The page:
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Northern European market landscape - A2SEA News Online
THE NORTHERN EUROPEAN MARKET LANDSCAPE

Northern European market landscape

By Kristian Ruby,
Chief Policy Officer, EWEA

The wind industry has evolved greatly in the last three decades, and has emerged from the fringes to become a significant provider of electricity, accounting for more than 40% of all new power capacity additions in 2014 and covering 10% of Europe’s electricity consumption in the same period.

For people operating in the maritime sector, the emergence and growing importance of the offshore wind sector to deliver carbonfree electricity on a large scale presents many opportunities for investment and growth, with over 3,000 turbines installed at sea to date, in 11 European Member States.

HOW HAS THE OFFSHORE WIND MARKET EVOLVED IN THE LAST DECADE?

The European offshore wind market has seen the most development in the Northern Seas, beginning with early deployment of sub-20MW sites in Denmark and Netherlands. Since the turn of the century though, we have seen larger and larger sites being developed, leading to the largest wind farm in the world, the 630MW London Array being commissioned in 2013, with plans for multiple 1.2GW sites in the Dogger Bank announced this year.

The UK has emerged as the largest market for offshore wind, with about half of the 10GW of installed offshore wind capacity established there, and in 2015 Germany established itself as the second largest market, with 2.7GW of installed capacity, due in large part to a backlog of projects finally coming to fruition this year. Other key markets such as Denmark and Belgium have seen good growth as well, with Denmark close to reaching a 1.5GW by 2020 target already, though we have seen a stall in growth in Belgium from required onshore grid upgrades.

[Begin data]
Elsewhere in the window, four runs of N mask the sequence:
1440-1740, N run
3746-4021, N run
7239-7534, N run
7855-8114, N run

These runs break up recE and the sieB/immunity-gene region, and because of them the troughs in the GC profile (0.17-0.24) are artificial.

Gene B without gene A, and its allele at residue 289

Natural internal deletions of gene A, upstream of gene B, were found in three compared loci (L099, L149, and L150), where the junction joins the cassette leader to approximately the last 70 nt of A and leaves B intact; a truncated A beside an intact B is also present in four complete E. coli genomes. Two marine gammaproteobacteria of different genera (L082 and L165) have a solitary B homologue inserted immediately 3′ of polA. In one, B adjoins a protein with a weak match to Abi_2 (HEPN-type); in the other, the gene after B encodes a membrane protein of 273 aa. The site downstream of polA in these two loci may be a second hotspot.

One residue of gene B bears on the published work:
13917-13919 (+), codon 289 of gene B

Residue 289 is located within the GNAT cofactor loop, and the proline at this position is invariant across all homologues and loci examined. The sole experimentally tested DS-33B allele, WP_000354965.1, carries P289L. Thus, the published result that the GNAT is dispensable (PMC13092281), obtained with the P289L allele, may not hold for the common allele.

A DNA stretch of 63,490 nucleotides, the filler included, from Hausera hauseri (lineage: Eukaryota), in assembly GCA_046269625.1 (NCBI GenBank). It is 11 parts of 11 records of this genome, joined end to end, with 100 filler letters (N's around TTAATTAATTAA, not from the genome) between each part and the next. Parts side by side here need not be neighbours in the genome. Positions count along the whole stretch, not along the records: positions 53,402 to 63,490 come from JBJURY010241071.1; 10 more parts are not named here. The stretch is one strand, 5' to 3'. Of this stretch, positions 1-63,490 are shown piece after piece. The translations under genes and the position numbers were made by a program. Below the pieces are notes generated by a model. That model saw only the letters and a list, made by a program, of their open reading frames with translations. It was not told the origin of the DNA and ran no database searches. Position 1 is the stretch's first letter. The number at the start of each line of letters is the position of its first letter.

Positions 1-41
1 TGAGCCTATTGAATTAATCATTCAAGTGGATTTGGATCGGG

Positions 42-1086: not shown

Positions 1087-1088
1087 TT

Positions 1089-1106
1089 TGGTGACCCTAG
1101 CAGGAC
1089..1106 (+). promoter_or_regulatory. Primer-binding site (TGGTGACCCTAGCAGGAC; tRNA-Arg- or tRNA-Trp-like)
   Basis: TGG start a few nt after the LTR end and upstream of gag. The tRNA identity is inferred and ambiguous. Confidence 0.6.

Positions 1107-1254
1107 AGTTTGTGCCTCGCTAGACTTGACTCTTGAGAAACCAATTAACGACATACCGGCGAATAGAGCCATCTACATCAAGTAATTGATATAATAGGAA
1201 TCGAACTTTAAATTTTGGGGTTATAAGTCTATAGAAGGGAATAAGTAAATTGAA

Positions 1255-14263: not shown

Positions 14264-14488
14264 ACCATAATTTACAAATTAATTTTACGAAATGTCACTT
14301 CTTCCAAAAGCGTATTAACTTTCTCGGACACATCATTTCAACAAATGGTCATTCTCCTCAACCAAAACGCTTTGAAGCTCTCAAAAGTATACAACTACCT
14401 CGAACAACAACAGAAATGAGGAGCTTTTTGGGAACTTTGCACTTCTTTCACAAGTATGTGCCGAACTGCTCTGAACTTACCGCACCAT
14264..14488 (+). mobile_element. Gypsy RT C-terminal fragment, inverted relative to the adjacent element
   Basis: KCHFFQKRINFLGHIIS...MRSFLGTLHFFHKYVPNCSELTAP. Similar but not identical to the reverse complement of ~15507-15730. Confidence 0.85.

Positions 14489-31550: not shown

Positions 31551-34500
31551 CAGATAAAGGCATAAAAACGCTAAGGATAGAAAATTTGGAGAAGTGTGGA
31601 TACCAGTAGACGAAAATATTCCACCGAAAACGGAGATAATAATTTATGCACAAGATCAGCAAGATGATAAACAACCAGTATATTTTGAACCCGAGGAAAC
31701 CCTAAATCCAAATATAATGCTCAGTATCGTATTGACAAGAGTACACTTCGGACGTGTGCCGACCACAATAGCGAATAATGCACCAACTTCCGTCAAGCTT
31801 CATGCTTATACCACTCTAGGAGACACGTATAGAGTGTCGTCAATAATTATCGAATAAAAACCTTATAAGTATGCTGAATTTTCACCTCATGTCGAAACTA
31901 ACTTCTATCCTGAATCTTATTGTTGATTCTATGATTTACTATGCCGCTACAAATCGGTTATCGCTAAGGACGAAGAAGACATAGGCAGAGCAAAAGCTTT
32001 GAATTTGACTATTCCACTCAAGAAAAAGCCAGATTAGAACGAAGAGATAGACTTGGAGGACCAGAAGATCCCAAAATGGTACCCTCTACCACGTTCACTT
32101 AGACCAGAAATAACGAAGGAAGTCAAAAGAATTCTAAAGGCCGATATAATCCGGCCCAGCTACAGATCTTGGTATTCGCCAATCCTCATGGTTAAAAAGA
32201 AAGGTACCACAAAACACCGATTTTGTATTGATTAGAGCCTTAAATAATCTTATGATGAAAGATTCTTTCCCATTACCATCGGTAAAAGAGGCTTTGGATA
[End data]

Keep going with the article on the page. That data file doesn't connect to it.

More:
WHERE WILL WE SEE GROWTH IN THE NEXT FIVE YEARS?

As other countries have come to realise the enormous potential that offshore wind has to power markets and the wider economy, other markets will diversify the share of turbine installations beyond UK and Germany, which will continue to be leading markets in the immediate years.

The Netherlands has begun reemerging, with the recent completion at Luchterduinen, and the construction at Westermeerwind and Gemini spurring growth in 2015, as well as the further promise of 700MW each year for 5 years from the Dutch government. Similarly, France has just recently passed its energy transition law that sets a course away from nuclear, providing a positive signal for the 3GW of sites that are deep in the planning phase already, including a recently announced tender for deploying floating offshore wind concepts, a technology with the capacity to open up even more markets.

WHAT WILL BE IMPORTANT BEYOND 2020?

EWEA has just published its Wind Energy Scenarios for 2030, a report which shows the potential that both onshore and offshore wind can offer Europe as part of the EU’s commitment to 40% GHG reduction. In our central scenario, offshore wind has the potential to grow to 23.5GW by 2020, and to 66GW by 2030. The extent of the growth that is projected however, will require the ambitions of governments to set a clear pathway for the years 2020-2030, and good policies are of paramount importance here. Strong political support that seeks to ambitiously grow the share of renewable energy could see 98GW of development in European waters, creating extra jobs along every part of the supply chain and fully establishing a new industry for Europe to export to the rest of the world.

For the industry, the challenge will be to continue to deliver on cost reduction, and 2015 has certainly told us that the industry is delivering on this. The UK is ahead of its cost reduction pathway, a story also repeated in Denmark with the tendering of Horns Rev 3, a 400MW offshore wind farm which set a price of DKK 0.77/kWh, equivalent to EUR 103/MWh, which is close to the EUR 100/MWh target that some industry players have set for themselves to achieve by 2020. The cost reduction has been, and will be, achieved via not just technological innovation, but the increasingly closer collaboration between the supply chain to smooth out processes and gain efficiencies as experience grows in this young and emerging industry.

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